GCSE Revision

Smart revision…using time wisely

“Those who make the worst of their time most complain about its shortness.” – La Bruyere
Time management is an issue for all and is not a new problem. Looking at what some of the ‘wise’ have said about time management I discovered that they have actually given tips on smart revision without realising it. It clearly has been an issue for years!

“Better three hours too soon, than one minute too late”. William Shakespeare

I find a session before Easter about the summer exams helps flag up that they should at least think about what is ahead. It helps stop the panicky reaction of the exams only being weeks away. It amazes me how students don’t know their months of the year. They seem genuinely surprised when you say in April that the exams start “next month”. It pays for them to plan ahead.

“The bad news is time flies. The good news is you’re the pilot.” – Michael Altshuler

Students need to grasp the nettle and sort their revision out to take advantage of the time ahead. The obvious first step is a revision timetable drawn up in the weeks prior to Easter. My students use a format with 3 sections for each day (am/pm/eve). Initially I get them to write in their exams. Then they should divide the specification up and allocate revision slots.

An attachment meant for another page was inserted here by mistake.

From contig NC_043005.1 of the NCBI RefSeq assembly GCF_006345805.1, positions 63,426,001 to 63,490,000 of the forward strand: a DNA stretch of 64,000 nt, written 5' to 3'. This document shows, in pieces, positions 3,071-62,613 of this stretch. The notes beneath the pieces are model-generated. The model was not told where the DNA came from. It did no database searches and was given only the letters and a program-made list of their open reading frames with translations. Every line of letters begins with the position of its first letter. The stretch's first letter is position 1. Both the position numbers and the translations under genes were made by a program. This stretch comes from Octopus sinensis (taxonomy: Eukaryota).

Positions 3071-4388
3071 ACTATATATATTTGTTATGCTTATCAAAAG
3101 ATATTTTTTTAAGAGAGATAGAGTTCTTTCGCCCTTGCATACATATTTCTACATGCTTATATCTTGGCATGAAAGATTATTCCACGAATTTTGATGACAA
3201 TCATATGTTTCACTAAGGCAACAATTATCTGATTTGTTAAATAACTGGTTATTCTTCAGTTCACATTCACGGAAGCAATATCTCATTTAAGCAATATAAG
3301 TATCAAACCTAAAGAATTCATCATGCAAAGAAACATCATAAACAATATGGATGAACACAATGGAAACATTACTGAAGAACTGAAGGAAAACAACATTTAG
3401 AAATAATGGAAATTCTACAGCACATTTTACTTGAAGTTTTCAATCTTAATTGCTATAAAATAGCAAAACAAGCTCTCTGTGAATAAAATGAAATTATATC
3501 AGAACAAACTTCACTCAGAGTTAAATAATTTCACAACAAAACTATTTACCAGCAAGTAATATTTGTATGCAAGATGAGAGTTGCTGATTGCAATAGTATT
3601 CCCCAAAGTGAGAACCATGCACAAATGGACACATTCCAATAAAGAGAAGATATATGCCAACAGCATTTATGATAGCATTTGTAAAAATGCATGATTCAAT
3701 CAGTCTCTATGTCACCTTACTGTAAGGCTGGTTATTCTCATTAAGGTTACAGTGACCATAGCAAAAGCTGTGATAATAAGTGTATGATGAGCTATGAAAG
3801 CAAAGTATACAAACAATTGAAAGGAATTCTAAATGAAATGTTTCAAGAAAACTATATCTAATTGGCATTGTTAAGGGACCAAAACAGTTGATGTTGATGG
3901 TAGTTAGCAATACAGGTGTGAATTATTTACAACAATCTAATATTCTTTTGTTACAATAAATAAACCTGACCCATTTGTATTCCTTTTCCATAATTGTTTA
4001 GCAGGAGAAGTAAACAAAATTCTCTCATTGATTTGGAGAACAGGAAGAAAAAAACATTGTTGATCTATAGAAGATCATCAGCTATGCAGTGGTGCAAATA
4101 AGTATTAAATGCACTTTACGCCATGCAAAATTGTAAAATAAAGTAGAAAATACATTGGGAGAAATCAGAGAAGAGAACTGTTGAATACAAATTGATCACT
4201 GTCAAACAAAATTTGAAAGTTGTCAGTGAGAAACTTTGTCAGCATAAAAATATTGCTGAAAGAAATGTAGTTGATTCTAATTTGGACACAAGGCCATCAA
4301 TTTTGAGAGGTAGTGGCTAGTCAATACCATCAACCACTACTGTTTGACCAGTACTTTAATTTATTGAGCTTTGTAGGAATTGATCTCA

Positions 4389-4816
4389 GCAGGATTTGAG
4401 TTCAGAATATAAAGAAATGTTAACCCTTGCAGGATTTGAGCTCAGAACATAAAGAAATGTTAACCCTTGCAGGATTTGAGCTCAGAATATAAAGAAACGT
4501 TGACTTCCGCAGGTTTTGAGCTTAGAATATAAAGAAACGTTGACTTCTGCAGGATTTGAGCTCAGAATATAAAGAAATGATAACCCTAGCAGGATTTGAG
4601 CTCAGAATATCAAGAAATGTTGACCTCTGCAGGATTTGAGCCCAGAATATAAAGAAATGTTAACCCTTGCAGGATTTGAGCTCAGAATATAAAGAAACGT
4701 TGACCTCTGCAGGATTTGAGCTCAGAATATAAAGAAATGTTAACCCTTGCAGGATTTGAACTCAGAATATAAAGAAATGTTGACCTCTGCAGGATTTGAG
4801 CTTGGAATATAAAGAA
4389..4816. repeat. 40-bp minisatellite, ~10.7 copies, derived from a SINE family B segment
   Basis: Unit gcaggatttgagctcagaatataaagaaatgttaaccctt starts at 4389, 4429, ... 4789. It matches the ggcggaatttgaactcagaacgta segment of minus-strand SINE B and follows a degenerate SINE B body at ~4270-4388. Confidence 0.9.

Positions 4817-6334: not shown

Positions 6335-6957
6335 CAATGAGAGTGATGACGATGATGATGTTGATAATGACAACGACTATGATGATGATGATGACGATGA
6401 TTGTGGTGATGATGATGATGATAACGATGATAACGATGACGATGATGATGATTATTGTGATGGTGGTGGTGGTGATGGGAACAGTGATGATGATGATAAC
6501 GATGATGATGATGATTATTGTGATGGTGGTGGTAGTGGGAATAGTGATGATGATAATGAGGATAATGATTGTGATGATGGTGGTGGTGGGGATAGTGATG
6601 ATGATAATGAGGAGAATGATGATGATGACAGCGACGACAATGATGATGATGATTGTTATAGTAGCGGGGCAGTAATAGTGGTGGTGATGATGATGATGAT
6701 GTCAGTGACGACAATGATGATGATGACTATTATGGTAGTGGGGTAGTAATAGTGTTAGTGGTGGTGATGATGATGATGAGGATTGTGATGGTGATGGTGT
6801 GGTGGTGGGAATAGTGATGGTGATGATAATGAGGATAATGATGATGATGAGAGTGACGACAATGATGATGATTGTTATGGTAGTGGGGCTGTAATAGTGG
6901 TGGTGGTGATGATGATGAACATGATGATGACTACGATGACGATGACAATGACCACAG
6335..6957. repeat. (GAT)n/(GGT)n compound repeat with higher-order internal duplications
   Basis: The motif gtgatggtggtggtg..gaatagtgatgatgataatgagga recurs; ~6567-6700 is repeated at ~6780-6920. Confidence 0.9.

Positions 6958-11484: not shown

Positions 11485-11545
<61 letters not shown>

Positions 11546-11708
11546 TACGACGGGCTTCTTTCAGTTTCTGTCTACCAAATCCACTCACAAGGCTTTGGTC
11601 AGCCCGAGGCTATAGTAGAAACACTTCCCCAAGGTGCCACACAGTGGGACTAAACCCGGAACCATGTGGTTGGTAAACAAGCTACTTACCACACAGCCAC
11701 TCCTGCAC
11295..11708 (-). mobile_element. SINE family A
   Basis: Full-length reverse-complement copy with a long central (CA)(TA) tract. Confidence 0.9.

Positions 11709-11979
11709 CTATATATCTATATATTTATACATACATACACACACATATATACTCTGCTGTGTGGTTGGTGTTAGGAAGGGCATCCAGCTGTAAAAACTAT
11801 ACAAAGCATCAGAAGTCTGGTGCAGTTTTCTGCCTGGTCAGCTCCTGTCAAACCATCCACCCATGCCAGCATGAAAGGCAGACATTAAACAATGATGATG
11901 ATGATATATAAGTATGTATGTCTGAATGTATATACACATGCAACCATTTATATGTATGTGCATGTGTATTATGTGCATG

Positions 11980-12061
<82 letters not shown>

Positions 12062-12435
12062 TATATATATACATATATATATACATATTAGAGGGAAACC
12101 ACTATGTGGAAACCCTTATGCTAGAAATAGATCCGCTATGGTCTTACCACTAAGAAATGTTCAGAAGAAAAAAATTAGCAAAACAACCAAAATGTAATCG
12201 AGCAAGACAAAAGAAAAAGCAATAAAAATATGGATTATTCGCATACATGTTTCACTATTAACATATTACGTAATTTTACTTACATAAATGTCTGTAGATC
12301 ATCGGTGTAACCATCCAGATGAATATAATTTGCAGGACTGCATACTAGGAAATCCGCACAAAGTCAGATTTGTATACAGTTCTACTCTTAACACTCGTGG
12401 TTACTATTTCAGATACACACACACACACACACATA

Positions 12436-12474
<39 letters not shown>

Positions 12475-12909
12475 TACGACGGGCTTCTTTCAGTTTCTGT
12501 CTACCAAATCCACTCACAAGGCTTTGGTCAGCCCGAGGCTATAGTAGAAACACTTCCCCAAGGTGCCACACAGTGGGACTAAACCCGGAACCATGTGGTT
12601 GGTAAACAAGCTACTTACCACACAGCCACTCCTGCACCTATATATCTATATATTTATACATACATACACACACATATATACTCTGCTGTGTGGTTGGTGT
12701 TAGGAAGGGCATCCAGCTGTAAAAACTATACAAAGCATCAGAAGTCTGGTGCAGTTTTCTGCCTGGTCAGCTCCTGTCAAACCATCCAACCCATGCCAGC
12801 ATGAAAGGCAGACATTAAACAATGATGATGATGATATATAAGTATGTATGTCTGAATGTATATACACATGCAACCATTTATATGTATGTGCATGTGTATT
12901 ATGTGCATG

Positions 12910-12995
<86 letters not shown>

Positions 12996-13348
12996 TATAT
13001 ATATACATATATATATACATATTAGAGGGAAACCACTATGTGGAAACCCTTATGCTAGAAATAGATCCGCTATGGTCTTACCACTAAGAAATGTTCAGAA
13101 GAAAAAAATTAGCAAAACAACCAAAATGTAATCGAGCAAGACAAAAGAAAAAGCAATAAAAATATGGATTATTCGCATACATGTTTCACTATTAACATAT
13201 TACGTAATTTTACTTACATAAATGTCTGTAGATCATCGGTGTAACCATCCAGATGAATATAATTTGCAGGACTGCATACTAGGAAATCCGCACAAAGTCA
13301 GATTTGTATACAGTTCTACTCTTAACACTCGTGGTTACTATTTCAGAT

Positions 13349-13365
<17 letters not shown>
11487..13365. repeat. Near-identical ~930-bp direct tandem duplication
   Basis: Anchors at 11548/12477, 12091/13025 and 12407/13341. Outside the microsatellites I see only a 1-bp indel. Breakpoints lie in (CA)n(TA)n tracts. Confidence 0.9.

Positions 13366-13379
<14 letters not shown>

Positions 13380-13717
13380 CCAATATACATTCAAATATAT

“How do you eat an elephant? Answer: A bite at a time.” – Children’s riddle, author unknown

Preparation of materials means the content they have to learn can be broken down into manageable sections. It is important they don’t overestimate how much they can do in a 3 hour session. As you know, preparing mind maps or cue cards on a discrete area of the specification is much more do-able than reading non-stop. It is also a good idea for students to prepare such materials for any exams that follow on rapidly from another so the student has something to remind themselves of the content in very little time.

“I wasted time, and now doth time waste me.” William Shakespeare

It is all very well planning to do some revision but we know that there will be days that are less productive. It happens to everyone. That is when ‘slack revision’ becomes useful. Rather than completely wasting time it is good if students pull out a laptop and get onto YouTube. There are plenty of short films on relevant parts of the course on many subjects and it means they are at least doing something related to the task in hand. It’s not ideal, but neither are computer games, Facebook or tweeting how they can’t revise!

“Take a rest. A field that has rested yields a beautiful crop.”- Roman poet Ovid

There needs to be some break though, even from ‘slack revision’. On the revision timetable I always encourage one of the three sessions a day to be kept free. Students will then feel refreshed and positive. The best kind of students!

Collins Secondary

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